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Euro-Russian craft enters Mars orbit, but lander’s fate unknown

Astronomy and Space

Euro-Russian craft enters Mars orbit, but lander’s fate unknown

High-stakes manoeuvres should see a lander dubbed Schiaparelli make a dash for the surface of Mars, while the Trace Gas Orbiter enters orbit in phase one of the ExoMars mission Europe and Russia celebrated placing a robot explorer into Mars orbit on Wednesday, but ground controllers faced an anxious night searching for the tiny lander it had despatched to the Red Planet’s surface.

The ”Schiaparelli” lander, a trial-run for a Mars rover to follow, was meant to touch down at 1448 GMT, after separating from its mothership, the Trace Gas Orbiter (TGO), on Sunday.
But contact with the paddling pool-sized lander was lost during its six-minute descent through the Red Planet’s thin, carbon dioxide-rich atmosphere.
”It’s clear these are not good signs,” ESA operations head Paolo Ferri said at ground control in Darmstadt, Germany. ”But we need more information” before declaring the operation failed.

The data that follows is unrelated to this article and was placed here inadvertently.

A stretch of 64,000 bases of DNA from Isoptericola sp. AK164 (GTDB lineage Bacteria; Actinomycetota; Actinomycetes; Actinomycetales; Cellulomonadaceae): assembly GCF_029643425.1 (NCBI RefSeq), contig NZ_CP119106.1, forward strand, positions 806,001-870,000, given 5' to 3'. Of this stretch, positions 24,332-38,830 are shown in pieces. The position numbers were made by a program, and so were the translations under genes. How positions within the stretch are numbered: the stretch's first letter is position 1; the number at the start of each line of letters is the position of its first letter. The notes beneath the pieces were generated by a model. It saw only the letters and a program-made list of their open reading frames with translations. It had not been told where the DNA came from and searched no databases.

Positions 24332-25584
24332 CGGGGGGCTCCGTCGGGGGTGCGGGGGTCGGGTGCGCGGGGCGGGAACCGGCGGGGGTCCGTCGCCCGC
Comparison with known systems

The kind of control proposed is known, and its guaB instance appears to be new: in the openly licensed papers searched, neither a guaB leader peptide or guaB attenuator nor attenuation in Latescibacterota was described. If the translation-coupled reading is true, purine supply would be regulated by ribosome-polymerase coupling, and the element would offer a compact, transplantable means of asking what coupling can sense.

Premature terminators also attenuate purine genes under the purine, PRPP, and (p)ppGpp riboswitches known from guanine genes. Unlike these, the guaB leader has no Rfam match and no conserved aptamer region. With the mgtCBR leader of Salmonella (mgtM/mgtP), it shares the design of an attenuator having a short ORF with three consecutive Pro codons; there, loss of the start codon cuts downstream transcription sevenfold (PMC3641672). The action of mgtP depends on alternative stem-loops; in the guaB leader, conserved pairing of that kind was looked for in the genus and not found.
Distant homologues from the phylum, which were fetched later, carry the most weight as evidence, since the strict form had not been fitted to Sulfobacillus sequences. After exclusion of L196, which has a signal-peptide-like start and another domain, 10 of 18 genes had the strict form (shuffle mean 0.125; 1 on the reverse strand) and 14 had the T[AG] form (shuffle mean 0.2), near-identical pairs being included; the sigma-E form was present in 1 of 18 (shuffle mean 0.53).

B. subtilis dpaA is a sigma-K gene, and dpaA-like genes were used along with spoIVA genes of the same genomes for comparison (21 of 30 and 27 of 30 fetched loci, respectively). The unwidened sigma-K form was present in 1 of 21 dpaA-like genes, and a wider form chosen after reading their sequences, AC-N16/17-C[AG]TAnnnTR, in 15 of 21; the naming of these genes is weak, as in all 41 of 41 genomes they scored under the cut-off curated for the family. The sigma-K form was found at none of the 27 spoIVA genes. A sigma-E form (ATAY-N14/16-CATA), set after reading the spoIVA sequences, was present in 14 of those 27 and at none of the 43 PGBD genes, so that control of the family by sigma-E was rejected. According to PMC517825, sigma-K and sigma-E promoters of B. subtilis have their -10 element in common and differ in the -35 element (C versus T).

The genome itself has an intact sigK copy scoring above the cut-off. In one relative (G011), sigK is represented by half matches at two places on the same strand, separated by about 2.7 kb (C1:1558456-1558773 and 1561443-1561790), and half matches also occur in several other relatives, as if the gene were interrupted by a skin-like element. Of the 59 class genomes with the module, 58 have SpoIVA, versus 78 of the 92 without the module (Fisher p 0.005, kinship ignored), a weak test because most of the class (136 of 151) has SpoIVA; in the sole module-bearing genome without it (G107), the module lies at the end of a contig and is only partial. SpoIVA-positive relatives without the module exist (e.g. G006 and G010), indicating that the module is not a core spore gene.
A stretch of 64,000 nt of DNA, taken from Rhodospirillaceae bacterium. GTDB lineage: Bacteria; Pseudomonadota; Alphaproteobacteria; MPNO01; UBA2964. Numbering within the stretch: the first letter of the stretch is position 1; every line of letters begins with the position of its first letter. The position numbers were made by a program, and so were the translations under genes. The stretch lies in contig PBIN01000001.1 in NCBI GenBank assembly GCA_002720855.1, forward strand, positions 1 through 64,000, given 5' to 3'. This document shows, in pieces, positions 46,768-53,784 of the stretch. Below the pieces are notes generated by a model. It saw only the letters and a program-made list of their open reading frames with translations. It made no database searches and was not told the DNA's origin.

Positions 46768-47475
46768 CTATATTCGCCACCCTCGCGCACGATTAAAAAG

Schiaparelli was Europe’s first attempt at a Mars landing since the British-built Beagle 2 was lost without trace 13 years ago .
An update should be ready by 0800 GMT on Thursday, Ferri said.
On the upside, flight operations manager Michel Denis announced that the TGO itself, which is to sniff Mars’ atmosphere for gases possibly excreted by molecular life forms, had correctly entered Red Planet’s orbit.
”It’s a good spacecraft in the right place, and we have a mission around Mars,” he said.
The TGO and Schiaparelli comprise phase one of the ExoMars mission through which Europe and Russia seek to join the United States in probing the hostile Martian surface.
Schiaparelli’s experiences will inform technology for a rover set for launch in 2020—the second phase and high point of ExoMars.
Explore further:Europe awaits news of Mars lander’s fate

© 2016 AFP

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